OCIAM – Oxford Centre for Industrial and Applied Mathematics
OCIAM (Oxford Centre for Industrial and Applied Mathematics) was born in 1989 when a small group of practical applied mathematicians moved from the Mathematical Institute in Oxford into a separate building across the road. From a beginning of 6 faculty members with Alan Tayler as its first director and a handful of students OCIAM has now trebled in size and in 2013 the group, with the rest of Oxford Mathematics, moved into a brand new purpose-built building in the heart of Oxford. One of the first students in OCIAM was Jon Chapman who is now the Professor of Mathematics and its Applications and the current – fifth – Director of OCIAM.
Mathematicians are traditionally fuelled by coffee, and coffee-time was, and still is, the pivotal daily event which cements the OCIAM spirit. Faculty (both current and emeritus), post docs, visitors and students all meet there to discuss an amazing range of topics from the most esoteric mathematics to when to hold the next party. Other regular events are the Friday Workshops (where problems from industry or other departments are subject to intense discussion), the Thursday seminar on “Industrial and Applied Mathematics Seminar” and the Junior Applied Mathematics Seminars (to which no faculty are allowed) which have been held fortnightly in term time since at least 1992.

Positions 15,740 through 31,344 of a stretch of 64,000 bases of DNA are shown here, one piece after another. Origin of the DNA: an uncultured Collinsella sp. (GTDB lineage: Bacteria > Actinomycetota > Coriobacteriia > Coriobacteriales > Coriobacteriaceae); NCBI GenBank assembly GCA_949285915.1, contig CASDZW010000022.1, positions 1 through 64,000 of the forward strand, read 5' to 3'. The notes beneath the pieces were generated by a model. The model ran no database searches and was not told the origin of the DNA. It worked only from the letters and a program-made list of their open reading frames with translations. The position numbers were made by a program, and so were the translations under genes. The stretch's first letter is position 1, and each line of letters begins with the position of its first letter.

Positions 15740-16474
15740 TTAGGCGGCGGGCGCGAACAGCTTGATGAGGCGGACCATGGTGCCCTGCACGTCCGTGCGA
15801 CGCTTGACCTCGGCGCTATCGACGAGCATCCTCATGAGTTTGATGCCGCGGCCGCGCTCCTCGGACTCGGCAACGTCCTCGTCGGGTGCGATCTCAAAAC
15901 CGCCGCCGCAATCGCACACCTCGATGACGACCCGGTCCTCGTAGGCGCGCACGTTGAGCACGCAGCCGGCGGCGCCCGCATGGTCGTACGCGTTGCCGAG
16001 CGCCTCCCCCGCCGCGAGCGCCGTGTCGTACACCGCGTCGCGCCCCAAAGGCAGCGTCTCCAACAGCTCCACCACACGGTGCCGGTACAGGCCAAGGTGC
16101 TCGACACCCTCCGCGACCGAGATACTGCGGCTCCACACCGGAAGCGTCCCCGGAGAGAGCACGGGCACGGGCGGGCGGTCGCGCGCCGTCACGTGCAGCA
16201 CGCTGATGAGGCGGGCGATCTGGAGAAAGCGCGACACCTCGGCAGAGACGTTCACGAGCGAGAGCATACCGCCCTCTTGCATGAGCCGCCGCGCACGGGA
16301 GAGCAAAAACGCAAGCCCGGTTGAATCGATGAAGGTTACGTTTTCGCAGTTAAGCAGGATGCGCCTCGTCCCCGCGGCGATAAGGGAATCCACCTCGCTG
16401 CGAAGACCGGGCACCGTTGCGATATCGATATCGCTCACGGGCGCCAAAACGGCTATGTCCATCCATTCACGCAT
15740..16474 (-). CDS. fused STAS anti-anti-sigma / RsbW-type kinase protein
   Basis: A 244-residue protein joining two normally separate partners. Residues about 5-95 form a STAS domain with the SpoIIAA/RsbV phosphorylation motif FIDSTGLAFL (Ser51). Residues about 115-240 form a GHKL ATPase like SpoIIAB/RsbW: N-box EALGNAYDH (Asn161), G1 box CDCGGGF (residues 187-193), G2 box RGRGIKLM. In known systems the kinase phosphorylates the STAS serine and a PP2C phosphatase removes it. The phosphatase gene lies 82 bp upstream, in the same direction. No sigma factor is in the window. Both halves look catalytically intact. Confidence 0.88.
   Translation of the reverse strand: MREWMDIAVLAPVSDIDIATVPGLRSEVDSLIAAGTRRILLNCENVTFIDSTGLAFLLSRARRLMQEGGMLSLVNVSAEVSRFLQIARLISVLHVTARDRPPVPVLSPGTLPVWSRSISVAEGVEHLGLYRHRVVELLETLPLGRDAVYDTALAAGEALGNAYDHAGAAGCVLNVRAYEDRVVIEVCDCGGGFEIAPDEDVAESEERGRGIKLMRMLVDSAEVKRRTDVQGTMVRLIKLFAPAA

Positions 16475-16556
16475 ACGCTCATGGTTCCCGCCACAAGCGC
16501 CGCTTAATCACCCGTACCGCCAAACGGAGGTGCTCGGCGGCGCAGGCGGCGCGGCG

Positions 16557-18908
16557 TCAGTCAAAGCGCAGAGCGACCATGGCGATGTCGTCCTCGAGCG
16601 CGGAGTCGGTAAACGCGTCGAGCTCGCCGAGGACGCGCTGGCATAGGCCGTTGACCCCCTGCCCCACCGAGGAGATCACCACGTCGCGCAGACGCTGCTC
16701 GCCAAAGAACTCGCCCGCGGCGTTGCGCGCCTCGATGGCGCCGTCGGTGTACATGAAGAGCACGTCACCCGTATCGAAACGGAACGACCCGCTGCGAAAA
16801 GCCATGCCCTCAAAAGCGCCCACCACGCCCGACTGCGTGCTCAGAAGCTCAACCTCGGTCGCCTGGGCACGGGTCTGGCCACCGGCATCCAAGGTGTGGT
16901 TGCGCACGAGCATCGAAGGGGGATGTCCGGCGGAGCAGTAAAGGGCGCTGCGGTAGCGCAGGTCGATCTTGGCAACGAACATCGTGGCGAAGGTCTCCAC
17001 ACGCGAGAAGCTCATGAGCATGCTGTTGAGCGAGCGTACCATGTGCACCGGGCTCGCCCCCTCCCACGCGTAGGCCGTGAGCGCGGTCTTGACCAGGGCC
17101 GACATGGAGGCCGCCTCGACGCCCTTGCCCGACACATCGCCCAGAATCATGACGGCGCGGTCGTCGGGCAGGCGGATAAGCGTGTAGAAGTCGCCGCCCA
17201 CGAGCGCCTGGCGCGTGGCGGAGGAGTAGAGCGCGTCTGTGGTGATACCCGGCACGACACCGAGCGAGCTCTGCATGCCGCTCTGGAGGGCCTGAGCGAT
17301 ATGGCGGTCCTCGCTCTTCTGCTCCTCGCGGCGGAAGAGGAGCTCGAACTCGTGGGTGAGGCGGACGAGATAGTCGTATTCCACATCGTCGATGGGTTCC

OCIAM grew out of the success of the Study Groups with Industry which started in Oxford in 1968; these meetings developed into the European Study Groups with Industry and up to 10 meetings are now held each year in different European countries. As the numbers have grown so the areas of application and collaboration have widened. Perhaps the most dramatic story is the growth of mathematical finance which developed gradually within OCIAM and is now an independent research group in Mathematical and Computational Finance. This Centre, which was originally set up by Sam Howison is now comparable in size to OCIAM. There are other “children” of OCIAM – such as the Mathematical Geoscience Group and the Applied Dynamical Systems Group, have grown up fast.
Students are trained in industrial applications via the MSc in Mathematical Modelling and Scientific Computing (a one year course based on the ECMI Technomathematics programme) and the new doctoral programme in Industrially Focussed Mathematical Modelling.
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